Last Reviewed: August 2021. Author: Alcohol & Drug Abuse Programs, Vermont Department of Health
The use of heroin and misuse of other opioids (e.g., prescription narcotics) has been identified as a major public health challenge in Vermont. The potential health, social, and economic consequences of this problem have led to the development of a comprehensive treatment system that is focused on opioid addiction. This system, known as the Hub and Spokes, has significantly increased access to care, including medication assisted treatment, Vermont.
Vermont has a multifaceted approach to addressing opioid use disorder that involves multiple community partners. Programs and services include regional prevention efforts, drug take back programs, intervention services through the monitoring of opioid prescriptions with the Vermont Prescription Monitoring System (VPMS), recovery services at eleven Recovery Centers, overdose death prevention through the distribution of Naloxone rescue kits, and a full array of treatment modalities of varying intensities to fit individual needs. Vermont is also working with communities on initiatives, including Rapid Access to Medication Assisted Treatment (RAM) and Recovery Coaching in Emergency Departments to both increase ways people with opioid use disorders can get into treatment and to support them in staying in treatment.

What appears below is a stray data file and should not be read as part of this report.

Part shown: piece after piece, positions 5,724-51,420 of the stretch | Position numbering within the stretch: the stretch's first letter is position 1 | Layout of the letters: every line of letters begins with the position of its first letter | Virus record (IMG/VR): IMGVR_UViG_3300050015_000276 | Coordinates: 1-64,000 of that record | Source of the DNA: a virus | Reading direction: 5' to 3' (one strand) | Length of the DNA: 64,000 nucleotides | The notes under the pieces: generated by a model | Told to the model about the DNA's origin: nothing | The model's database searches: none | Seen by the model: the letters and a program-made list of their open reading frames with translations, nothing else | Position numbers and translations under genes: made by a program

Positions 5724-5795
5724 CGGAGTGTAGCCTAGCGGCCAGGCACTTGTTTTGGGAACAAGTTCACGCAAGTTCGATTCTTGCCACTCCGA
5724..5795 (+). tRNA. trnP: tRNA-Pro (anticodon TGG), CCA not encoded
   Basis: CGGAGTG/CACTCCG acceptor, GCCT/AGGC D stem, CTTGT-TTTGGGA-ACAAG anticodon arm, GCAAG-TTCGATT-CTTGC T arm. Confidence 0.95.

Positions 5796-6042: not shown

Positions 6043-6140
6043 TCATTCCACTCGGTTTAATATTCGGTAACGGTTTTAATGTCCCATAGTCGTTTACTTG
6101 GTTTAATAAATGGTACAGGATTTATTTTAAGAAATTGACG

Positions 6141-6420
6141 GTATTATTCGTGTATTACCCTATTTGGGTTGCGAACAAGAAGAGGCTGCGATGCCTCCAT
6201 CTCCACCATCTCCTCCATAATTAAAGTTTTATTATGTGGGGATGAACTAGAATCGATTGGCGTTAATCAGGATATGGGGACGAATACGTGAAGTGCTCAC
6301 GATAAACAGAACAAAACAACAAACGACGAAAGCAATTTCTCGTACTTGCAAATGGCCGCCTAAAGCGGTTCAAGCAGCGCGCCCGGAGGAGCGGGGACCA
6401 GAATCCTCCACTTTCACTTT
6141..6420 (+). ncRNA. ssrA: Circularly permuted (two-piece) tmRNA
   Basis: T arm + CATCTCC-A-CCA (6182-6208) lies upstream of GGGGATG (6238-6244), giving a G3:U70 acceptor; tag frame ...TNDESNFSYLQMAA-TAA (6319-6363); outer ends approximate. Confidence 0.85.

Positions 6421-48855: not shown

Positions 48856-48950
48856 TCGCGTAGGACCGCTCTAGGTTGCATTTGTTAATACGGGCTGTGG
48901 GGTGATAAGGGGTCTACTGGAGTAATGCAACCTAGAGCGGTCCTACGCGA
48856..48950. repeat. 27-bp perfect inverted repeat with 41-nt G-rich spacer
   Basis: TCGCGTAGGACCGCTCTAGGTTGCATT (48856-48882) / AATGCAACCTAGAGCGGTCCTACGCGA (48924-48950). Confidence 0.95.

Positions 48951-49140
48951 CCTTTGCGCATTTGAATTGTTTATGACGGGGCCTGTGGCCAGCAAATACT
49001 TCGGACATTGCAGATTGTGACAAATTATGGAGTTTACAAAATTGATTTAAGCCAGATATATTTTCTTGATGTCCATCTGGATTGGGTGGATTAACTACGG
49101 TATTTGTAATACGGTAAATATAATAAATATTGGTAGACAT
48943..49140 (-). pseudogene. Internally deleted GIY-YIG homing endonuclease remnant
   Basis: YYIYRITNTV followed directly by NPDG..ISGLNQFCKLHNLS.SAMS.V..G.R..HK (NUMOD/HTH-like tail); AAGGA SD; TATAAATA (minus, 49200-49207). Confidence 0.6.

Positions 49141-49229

For those with opioid dependence, treatment with methadone or buprenorphine, medications used to reduce cravings for opioids (e.g., heroin, prescription pain relievers, etc.), can allow individuals the opportunity to lead normal lives. Medication assisted treatment (MAT) was originally developed because detoxification followed by abstinence-oriented treatment was not very effective in preventing a return to opioid use. People who use opioids after detoxing are at high risk over overdose. There is clear evidence that medication assisted treatment using either methadone or buprenorphine helps reduce the risk of overdose deaths and can increase the likelihood that people will stay in treatment and achieve recovery. The positive effects of medication assisted treatment can include: abstinence or reduced use of opioids; reduction in non-opioid drug use (e.g., cocaine); decreased criminal behavior; and decreased risk behavior linked to HIV and hepatitis C infections.
NOTE: Number for Q3 2019 and forward are estimates due to late reporting by some Hub locations. Numbers will be retroactively updated as new information is available.